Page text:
Friday, 2 February 2018

Magnum's 'Lost on the Road to Eternity' - Album Review

Magnum have been stalwarts of the British rock scene for over 40 years now, and have always proven to be a reliable and prolific band. Since forming in 1972, the Birmingham-based five-piece have now released twenty studio albums; the vast majority of while are memorable and enjoyable for one reason for another. Despite a brief hiatus during the late 1990s and early 2000s, the band have been churning albums out at a fairly regular basis and last month saw the release of their twentieth studio album Lost on the Road to Eternity. Since their reunion in 2001 Magnum's sound has toughened up somewhat, with guitarist and songwriter Tony Clarkin's guitar riffs often driving the songs. He has always been the band's beating heart, having single-handedly written all but a handful of the band's songs, but the past decade or so of the band's existence has definitely seen them place more emphasis on his riffing. That being said, the melodic rock sound that helped Magnum to become very successful during the 1980s has remained intact, but the AOR and pomp rock influences have sometimes taken a backseat to focus on a sound that has altogether more crunch. If Clarkin is the band's heart, then frontman Bob Catley is its soul. Catley, who along with Clarkin are the band's only remaining original members, has breathed life in Clarkin's songs since the band's 1978 debut album Kingdom of Madness. Despite his age however, he still sounds strong and he sings Clarkin's lyrics with his emotionally-driven delivery. While he may not be as reliable live as he has been in the past, on record he still sounds excellent. The duo of Catley and Clarkin help to make Lost on the Road to Eternity feel like a classic Magnum album, which is key as this is the band's first effort following a fairly major line-up change. Long-time fans of the band were shocked in 2016 when long-time keyboardist Mark Stanway abruptly left the band midway through a short Christmas tour. Considering that Stanway had been in the band since 1980, and had contributed his majestic keyboards to the band's most classic albums, this seemed a rather sad way to end things. This, coupled with the fact that drummer Harry James left the band the following year to dedicate more time to his main band Thunder, meant that the Magnum line-up that had performed on five consecutive studio albums was no more. Many fans were worried what the band would sound like with Stanway's signature keyboard sounds, but it seems that any fears were unfounded as Lost in the Road to Eternity sounds every bit as 'Magnum' as their other recent works. Joining Catley, Clarkin, and bassist Al Barrow is keyboardist Rick Benton and drummer Lee Morris (Paradise Lost). Both Benton and Morris are seasoned musicians, and have brought their considerable talents and experience to this latest Magnum opus.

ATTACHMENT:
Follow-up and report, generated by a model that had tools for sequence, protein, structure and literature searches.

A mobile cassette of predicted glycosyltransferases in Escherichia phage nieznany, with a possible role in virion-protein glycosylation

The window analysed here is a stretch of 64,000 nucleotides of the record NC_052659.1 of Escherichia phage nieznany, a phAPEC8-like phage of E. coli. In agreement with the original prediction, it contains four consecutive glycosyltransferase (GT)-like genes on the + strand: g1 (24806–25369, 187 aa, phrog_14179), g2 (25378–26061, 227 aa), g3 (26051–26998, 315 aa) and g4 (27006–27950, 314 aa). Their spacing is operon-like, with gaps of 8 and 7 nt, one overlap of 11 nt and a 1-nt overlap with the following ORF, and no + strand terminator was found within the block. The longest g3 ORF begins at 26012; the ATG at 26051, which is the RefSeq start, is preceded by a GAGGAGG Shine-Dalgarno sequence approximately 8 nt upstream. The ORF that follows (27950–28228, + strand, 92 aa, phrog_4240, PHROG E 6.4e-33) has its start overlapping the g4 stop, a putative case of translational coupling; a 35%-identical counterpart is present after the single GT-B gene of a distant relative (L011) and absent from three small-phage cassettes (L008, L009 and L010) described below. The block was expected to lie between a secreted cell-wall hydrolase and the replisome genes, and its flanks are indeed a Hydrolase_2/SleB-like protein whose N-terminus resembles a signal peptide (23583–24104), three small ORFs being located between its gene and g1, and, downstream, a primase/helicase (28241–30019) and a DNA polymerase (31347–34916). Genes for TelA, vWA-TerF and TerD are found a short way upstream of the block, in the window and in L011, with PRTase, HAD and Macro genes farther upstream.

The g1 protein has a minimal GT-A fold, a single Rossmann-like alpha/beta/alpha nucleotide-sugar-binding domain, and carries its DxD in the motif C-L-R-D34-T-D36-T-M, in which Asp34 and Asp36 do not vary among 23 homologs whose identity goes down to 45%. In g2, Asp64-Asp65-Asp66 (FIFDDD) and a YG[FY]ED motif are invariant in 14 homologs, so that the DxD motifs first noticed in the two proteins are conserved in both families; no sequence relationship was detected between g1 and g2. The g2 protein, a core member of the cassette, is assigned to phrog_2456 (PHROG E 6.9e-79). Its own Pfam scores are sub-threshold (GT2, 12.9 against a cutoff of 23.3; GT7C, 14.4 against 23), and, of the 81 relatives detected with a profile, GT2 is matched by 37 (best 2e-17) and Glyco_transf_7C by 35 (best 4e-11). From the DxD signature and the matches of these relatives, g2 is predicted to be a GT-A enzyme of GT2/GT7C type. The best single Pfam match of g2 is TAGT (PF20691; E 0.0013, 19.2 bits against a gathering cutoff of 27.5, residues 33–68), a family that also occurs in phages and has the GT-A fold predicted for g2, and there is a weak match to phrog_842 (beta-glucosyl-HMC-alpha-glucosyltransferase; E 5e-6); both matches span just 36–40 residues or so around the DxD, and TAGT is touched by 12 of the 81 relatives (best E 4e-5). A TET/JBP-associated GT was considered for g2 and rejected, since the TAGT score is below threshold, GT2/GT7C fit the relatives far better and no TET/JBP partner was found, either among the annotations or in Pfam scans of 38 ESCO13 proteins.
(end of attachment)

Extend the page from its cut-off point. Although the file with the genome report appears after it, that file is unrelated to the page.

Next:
The band waste little time in getting down to business, and opening number Peaches and Cream starts with a mid-paced guitar riff backed up by Morris' hollow-sounding drums. Those familiar with the more muscular sound the band have been forging on recent albums will immediately recognise the style used here, but the fairly simple nature of the song makes for a fairly lacklustre opener. Magnum's album-opening tracks are usually more majestic, but this one feels like a bit of a plodder despite a strong rhythmic feel. There are moments that shine however, and Benton immediately impresses with some varied keyboard work throughout the piece. His pulsing rock organ and melodic piano lines help to bring the song to life. While certainly not a bad song, I feel it would be far better placed elsewhere in the album, as it does not really start the album with the bang that is required. Show Me Your Hands takes things up a notch, and gives Benton even more space to shine with a prominent piano performance throughout. His twinkling leads during the song's introductory instrumental passage are great, and similar melodies continue to crop up throughout the piece. In contrast to the album's opener, this song feels more anthemic overall and features the first of many strong choruses on the album. Catley turns in a battle cry-esque performance during the chorus, which is enhanced by Morris' swing-filled drumming. Morris has been a great addition to Magnum on this album, and his drumming style is more varied and fluid than that of the departed James - whose leaden style was often a detriment the Magnum really sounding their best. Storm Baby is another great track, and it opens slowly with Benton's atmospheric piano melodies creating a perfect backdrop for Catley's husky crooned vocal lines. These days, Catley excels more during the band's slower songs than the more upbeat rockers and songs like this prove he still has plenty to offer as a singer. This is not a simple ballad however, as it is not too long before the band crashes in for the chorus and work together well to create an-almost symphonic sound. Clarkin's guitar sounds huge during this song, and it works as a great contrast to the slower, piano-led sections. Songs like this are what Magnum have continued to cement their reputation with over the past decade or so, and their large fanbase is sure to lap it up!